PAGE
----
For Clinton, the Outlook Brightens
By John F. Harris and Peter Baker
There are probably no two senators more despised at the White House than Alfonse D'Amato (R-N.Y.) and Lauch Faircloth (R-N.C.), both of whom won the particular ire of first lady Hillary Rodham Clinton through their aggressive pursuit of the Whitewater affair. Both were repudiated by their home-state voters yesterday -- D'Amato in a contest into which both Clintons plunged by making frequent Empire State appearances.
The issue dominating post-election analysis at the White House last night was what the results would mean for the congressional impeachment inquiry into Clinton's efforts to conceal his affair with Monica S. Lewinsky. Privately, some Clinton advisers were predicting that Republicans will be somewhat chastened by the failure of the scandal to produce GOP gains.
Publicly, the message on the Clinton team was one of caution. Chief of Staff John D. Podesta discussed with aides the importance of not overinterpreting the results or appearing to gloat.
"It's a vindication of his efforts to deliver on the things that matter to people," said White House counselor Paul Begala. "But what the Congress does is up to the Congress . . . They have to read the tea leaves for themselves."
Celebrating with sausage pizza, Clinton and top advisers watched early returns in Podesta's office, as political director, Craig Smith, showed the president how to track results through the Internet. Hillary Clinton, who does not like to watch early returns, instead watched Oprah Winfrey's new movie in the White House theater.
But someone slipped her word when D'Amato went down. "She really feels that that's a real plus for the state of New York," spokeswoman Marsha Berry said.
D'Amato infuriated the first lady with his Senate hearings into Whitewater and by questioning her financial transactions, while Faircloth became a White House villain after he had lunch with a federal judge shortly before the court installed Kenneth W. Starr as independent counsel to investigate the Clintons.
The president called about a dozen Democratic winners to congratulate them, including Maryland Gov. Parris N. Glendening (D), who snubbed him two months ago because of the Lewinsky scandal, only to reverse himself weeks later. Joining Clinton to watch the results were pollster Mark Penn; fund-raiser Terence R. McAuliffe; several union and women's group leaders; and former Texas governor Ann Richards.
If White House officials were wary of making predictions about the impeachment inquiry, many close Clinton allies and public surrogates were not.
"They'll look at what's happened and realize they've got to find a way to close it down while saving face," said Peter J. Kadzik, a lawyer who has been helping the White House with its impeachment defense.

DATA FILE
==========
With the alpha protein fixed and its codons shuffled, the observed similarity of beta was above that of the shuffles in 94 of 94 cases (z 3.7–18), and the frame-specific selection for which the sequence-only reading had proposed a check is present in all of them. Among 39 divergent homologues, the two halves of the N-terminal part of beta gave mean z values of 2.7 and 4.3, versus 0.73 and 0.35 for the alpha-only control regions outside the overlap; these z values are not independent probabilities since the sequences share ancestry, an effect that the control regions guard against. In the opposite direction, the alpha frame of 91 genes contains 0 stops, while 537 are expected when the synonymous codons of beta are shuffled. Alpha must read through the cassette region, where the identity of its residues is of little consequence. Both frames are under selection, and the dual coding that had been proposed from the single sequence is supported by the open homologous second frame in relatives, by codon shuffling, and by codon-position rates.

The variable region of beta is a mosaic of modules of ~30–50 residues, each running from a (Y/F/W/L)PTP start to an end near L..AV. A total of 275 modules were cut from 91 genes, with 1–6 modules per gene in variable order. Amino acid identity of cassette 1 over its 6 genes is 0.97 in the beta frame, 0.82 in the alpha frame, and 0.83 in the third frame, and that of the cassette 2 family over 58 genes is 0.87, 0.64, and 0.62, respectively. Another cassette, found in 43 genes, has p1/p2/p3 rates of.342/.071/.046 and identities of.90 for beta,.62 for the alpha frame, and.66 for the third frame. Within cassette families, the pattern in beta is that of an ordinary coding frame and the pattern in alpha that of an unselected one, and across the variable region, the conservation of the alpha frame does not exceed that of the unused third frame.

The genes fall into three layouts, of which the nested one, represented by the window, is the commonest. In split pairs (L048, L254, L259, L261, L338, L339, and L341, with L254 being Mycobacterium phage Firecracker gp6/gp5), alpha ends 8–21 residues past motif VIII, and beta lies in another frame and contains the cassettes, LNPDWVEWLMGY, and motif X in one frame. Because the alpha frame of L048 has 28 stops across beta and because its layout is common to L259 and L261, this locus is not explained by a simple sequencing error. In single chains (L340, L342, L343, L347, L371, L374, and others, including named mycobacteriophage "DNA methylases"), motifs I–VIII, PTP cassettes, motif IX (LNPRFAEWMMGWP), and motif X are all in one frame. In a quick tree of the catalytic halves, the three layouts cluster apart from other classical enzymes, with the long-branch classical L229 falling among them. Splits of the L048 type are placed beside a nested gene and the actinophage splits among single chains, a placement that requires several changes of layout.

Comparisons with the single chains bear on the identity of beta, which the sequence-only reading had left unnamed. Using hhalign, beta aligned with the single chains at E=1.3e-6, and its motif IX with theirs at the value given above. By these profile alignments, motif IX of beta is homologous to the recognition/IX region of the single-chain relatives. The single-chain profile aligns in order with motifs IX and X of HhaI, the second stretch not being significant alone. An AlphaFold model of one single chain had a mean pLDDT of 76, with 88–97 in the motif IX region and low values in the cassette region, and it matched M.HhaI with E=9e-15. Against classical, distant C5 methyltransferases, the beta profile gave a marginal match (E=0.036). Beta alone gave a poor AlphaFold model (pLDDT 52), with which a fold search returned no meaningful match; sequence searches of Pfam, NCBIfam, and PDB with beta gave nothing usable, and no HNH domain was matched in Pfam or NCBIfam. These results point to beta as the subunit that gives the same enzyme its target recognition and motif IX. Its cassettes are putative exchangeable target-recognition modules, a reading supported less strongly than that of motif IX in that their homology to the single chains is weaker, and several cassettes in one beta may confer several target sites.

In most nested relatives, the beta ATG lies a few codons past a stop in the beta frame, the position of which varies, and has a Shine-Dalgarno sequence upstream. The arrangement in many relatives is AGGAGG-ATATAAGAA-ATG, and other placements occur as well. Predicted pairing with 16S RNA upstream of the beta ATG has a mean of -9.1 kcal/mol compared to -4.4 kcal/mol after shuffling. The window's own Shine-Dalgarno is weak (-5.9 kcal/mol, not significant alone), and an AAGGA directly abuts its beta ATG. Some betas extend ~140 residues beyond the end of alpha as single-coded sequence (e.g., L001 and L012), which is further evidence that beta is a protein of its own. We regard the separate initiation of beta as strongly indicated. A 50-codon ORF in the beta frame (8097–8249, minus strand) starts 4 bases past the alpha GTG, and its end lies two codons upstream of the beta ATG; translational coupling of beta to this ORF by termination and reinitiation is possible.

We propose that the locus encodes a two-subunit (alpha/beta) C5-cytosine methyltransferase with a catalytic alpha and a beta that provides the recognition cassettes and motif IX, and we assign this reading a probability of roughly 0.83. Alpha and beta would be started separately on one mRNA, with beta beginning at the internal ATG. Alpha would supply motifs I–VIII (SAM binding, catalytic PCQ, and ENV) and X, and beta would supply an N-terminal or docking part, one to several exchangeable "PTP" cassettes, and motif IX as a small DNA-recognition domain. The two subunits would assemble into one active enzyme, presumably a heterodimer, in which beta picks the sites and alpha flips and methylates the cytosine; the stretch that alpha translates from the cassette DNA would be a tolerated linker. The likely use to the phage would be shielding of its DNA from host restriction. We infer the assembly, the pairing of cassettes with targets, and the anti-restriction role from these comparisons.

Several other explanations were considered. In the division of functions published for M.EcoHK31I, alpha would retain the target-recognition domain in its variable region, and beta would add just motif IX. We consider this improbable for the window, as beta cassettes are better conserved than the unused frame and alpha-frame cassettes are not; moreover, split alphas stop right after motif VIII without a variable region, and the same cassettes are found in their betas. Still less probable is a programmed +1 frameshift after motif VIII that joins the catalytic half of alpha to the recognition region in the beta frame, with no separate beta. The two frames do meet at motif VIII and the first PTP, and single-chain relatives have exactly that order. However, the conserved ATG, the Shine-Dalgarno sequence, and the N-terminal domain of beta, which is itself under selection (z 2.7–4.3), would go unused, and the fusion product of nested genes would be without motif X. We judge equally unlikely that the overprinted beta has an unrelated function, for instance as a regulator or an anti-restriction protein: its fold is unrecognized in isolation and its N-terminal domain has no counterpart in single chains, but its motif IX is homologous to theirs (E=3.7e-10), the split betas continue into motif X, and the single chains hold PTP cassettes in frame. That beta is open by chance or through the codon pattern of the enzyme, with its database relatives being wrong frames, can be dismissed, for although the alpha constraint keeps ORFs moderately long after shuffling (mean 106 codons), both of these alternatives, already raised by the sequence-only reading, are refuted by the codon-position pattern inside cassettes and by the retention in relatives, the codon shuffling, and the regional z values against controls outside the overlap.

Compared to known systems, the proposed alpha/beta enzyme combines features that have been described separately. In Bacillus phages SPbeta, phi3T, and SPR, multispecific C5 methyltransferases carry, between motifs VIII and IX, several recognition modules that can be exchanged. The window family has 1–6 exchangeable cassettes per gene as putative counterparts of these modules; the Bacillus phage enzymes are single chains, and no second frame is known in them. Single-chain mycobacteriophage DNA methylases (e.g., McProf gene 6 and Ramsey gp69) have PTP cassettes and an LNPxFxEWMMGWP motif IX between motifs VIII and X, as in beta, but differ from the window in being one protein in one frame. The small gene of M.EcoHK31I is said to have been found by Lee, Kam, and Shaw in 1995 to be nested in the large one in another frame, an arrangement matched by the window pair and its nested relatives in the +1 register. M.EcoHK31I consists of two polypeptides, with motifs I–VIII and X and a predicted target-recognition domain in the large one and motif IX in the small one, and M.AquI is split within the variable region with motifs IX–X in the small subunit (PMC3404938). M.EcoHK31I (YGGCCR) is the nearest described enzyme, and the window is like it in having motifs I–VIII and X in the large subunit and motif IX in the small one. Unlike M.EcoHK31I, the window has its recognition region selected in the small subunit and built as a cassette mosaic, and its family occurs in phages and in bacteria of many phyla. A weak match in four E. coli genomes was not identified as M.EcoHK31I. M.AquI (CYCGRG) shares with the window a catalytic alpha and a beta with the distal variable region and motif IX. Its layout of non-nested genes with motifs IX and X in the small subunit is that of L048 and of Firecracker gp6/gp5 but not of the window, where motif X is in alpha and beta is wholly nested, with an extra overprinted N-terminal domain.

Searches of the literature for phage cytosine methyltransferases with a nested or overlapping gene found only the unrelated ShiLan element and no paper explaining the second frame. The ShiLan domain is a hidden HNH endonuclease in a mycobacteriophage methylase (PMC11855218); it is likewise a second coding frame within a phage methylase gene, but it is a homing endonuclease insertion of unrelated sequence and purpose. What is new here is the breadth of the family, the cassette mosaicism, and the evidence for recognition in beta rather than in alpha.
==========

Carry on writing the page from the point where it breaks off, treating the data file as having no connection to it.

"The Republican congressional leadership threw the dice and made it a referendum [on impeachment] in the closing weeks and everywhere the voters have come out the opposite from where the Republicans are."
Lanny J. Davis, former White House special counsel, said: "The message is: No impeachment is warranted, [though] some form of an accountability is justified."
There were some hints that lawmakers were interpreting the message this way. House Speaker Newt Gingrich (R-Ga.), who earlier this year said he planned to counter Clinton's alleged stonewalling about Lewinsky by mentioning the controversy in every speech, played down the scandal in a CNN interview and said it was not him, but the news media, who was fixated on it.
Sen. Bob Kerrey (D-Neb.), who has been critical of Clinton's conduct, said on CNN, "I'm hearing the public say increasingly this does not rise to the level of 'high crime and misdemeanor.' "
Far from being hurt by the Lewinsky controversy, some outside Clinton advisers said it helped Democrats by producing an anti-impeachment backlash -- particularly by exciting turnout among African American voters.
Former White House senior adviser Rahm Emanuel said even independent-minded voters apparently held Republicans more responsible than Clinton for this year's largely dormant domestic policy agenda. "This election is voters saying get back to work -- end the scandal strike," he said.
The White House is operating on that assumption. Clinton's first opportunity to discuss the elections will come today when he meets with reporters at an event highlighting the need to overhaul Social Security.
Earlier yesterday, Clinton said the election was not a referendum on the Lewinsky scandal but "on all the hopes of the American people for the future and their assessment of the present condition, and how we get from here to a better tomorrow."
© Copyright 1998 The Washington Post Company